We're always hearing of women and their biological clock. But recent research shows that a man's clock is also ticking away in a similar fashion.
Ever heard that your male colleague was worried about his unmarried status and a ticking biological clock? Never, I am sure! Unmarried women in their mid-30s have always been shown concern about their single status and told that the later they marry, the more difficult it will be to conceive. But no one seems to worry about the man's biological clock.
However, recent studies have shown that male fertility also diminishes as age increases. Researchers in Sydney tested the sperm of over 3000 men and found that the sperm starts breaking as the man grows older. These fragmented pieces are least effective in fertilizing the egg. Research has also proved that men above 35 years face an increased risk of genetic abnormalities in the child.
“Infertility is a global issue. It is not about the Indian man alone. If we look specifically at infertility, it is an issue that can be a source of significant distress for the individual. And that is directly related the individual characteristics: temperament, personality and available social support,” says Dr. Samir Parikh, Chief Psychiatrist, Department of Mental Health Behavioural Sciences, Max Healthcare.
On the other hand, Dr Hrishikesh Pai, Gynaecologist and Infertility Expert, Lilavati Hospital and Fortis La Femme, says, “Though many men know that their chances of having babies decrease from the late 30s, they invest a lot of faith in chances. I hope that studies like this sill make them more aware of their body and the way it functions. This will make them more watchful and prepared.”
Dr. Parul Sehgal, IVF specialist from Maharaja Agrasen Hospital says, “Studies on male infertility have been going on for years, however, the focus is always different. This study focuses on the fact that the sperm starts breaking off as the man grow older. If a couple does not conceive after two years of trying, then both should consult the right specialist.”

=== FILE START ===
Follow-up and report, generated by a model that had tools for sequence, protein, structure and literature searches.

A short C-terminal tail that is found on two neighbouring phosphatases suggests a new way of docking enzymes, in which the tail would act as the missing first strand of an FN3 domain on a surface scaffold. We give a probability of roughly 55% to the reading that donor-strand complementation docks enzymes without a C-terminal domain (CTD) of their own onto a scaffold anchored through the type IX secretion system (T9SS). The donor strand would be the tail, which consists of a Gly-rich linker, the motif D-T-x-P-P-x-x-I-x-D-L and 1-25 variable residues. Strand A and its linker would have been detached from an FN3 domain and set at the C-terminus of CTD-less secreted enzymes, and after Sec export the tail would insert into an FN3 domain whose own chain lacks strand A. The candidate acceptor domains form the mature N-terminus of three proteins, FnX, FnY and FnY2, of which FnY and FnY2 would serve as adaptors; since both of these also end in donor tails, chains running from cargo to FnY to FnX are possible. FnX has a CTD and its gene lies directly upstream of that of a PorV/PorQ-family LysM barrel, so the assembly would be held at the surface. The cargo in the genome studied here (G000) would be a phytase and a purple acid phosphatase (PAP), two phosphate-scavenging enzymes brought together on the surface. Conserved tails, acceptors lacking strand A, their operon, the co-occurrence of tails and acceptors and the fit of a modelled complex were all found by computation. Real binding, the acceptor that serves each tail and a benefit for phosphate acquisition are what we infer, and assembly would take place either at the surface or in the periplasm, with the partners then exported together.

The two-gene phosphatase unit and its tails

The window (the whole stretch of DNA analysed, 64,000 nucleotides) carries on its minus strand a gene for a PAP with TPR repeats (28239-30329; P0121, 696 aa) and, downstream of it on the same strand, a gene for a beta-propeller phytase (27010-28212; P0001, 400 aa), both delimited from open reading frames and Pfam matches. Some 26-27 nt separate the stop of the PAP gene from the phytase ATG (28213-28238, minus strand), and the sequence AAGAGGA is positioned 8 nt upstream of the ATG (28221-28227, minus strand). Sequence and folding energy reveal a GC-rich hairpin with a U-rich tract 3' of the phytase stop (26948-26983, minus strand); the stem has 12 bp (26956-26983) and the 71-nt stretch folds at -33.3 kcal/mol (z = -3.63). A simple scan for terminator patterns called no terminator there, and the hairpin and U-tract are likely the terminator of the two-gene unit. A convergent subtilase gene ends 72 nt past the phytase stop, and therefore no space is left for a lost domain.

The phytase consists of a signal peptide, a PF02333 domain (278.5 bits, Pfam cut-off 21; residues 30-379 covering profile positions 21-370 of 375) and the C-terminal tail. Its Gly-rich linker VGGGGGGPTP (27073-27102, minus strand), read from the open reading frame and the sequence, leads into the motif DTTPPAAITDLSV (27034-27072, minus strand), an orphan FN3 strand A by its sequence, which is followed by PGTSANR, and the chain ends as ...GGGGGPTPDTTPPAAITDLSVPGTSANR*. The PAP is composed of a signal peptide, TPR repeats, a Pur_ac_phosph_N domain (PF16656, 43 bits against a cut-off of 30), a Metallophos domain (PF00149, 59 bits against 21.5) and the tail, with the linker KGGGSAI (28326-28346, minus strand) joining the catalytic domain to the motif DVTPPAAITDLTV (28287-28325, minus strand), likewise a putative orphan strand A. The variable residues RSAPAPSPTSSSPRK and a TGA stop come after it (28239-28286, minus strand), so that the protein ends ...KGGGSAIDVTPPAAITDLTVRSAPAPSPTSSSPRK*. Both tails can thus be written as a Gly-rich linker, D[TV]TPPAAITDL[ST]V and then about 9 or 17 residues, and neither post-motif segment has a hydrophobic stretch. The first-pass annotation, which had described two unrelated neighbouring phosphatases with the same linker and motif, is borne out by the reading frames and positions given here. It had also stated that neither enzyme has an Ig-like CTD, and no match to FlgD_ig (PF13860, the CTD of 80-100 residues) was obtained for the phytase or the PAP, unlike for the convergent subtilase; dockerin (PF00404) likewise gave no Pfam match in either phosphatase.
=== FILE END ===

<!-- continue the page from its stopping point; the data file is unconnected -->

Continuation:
Marrying an aging man can lead to certain complications not just for the future generation but even for the women. Don't wonder if you have had a few miscarriages. All thanks to age!
“If a couple is above 35 or one partner is above 40, there is always a risk that varying disorders like chromosomal disorders, mental retardation or autism can occur in the offspring. For women marrying men in their 40s, miscarriages, problems in delivery and delay in conceiving are major concerns,” sums Dr. Sehgal.
According to Dr. Pai, “Children born to older couple are more susceptible to genetic abnormalities. As they grow old, their DNA deteriorates with age. So problems like Down's syndrome in which extra genetic material delays the way a child develops both physically and mentally. Other problems include autism, schizophrenia, and bipolar disorder.”
There are some options to treat male infertility today.
Intracytoplasmic sperm injection is used mainly to combat male infertility. The procedure is done under a microscope using multiple devices. As the final step after the procedure, the oocyte is placed under observation for next few days to check for sign of fertility.
Intracytoplasmic morphologically-identified sperm injection is particularly effective in combating male infertility. Men with low sperm counts or poor quality sperm cells benefit from this more than from conventional IVF. This is because sperm cells and egg cells are mixed together during IVF in the hope that the sperm will be strong enough to fertilize the eggs; sometimes this is not the case.